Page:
Three bills intended to help close the pay gap for women and minorities have been introduced in Congress.
The measures were introduced in the U.S. House of Representatives by Rep. Eleanor Holmes Norton (D-D.C.), who was also the first woman to chair the Equal Employment Opportunity Commission.
Here is some information on the bills:
- The Pay Equity for All Act would bar employers from asking job applicants for their salary history before making a job or salary offer. The goal of the measure is to stop the potential discriminatory effect of companies being informed of the pay history of workers in disadvantaged groups and having that inadvertently work against them.
- The Fair Pay Act would require that men and women doing comparable work be paid comparable wages. The measure builds on the Equal Pay Act of 1963 by allowing women to show that some or all of a pay disparity is based on gender-segregated comparable jobs. For example, if a woman is employed as an emergency services operator, which is a female-dominated profession, she should not be paid less than a fire dispatcher, which is a male-dominated profession, just because these jobs have been historically dominated by one gender.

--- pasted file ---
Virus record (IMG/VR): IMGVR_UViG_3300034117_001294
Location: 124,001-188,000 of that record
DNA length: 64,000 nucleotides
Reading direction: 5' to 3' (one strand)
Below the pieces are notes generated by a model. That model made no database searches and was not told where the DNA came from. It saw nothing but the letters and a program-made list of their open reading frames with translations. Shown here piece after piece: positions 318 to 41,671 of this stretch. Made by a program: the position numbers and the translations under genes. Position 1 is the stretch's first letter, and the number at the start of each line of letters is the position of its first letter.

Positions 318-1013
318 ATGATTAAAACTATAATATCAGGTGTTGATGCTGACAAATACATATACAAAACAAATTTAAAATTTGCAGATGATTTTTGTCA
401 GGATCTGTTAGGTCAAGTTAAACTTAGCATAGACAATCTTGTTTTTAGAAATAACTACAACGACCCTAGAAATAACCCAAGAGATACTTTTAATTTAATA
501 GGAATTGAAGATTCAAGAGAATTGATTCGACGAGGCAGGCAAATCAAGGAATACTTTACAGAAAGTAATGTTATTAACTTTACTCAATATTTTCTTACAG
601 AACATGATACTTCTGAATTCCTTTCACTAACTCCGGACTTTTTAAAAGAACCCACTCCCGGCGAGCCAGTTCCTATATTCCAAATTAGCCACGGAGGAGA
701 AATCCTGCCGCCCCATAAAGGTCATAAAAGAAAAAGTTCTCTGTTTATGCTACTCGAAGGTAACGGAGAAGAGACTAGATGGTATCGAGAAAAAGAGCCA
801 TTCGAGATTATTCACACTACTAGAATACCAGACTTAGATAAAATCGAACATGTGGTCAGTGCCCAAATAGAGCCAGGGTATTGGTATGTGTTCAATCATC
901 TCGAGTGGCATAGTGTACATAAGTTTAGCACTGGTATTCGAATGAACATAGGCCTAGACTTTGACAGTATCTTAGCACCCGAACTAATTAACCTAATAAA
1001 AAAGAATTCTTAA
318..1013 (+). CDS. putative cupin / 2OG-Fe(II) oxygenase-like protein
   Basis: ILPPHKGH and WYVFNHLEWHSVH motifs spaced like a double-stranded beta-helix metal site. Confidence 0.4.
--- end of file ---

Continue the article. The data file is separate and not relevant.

- The Salary Transparency Act would require employers to provide the salary range for jobs in advertisements and interviews and to existing employees. This bill would amend the Fair Labor Standards Act (FLSA). Under the bill, the salary range provided would have to include wages and other forms of compensation the employer plans to offer. The proposal includes a private right of action, as well as civil penalties that begin at $5,000 for a first violation. The penalty would increase by an additional $1,000 for each subsequent violation, not to exceed $10,000, and include liability to each job applicant for damages and reasonable attorney fees.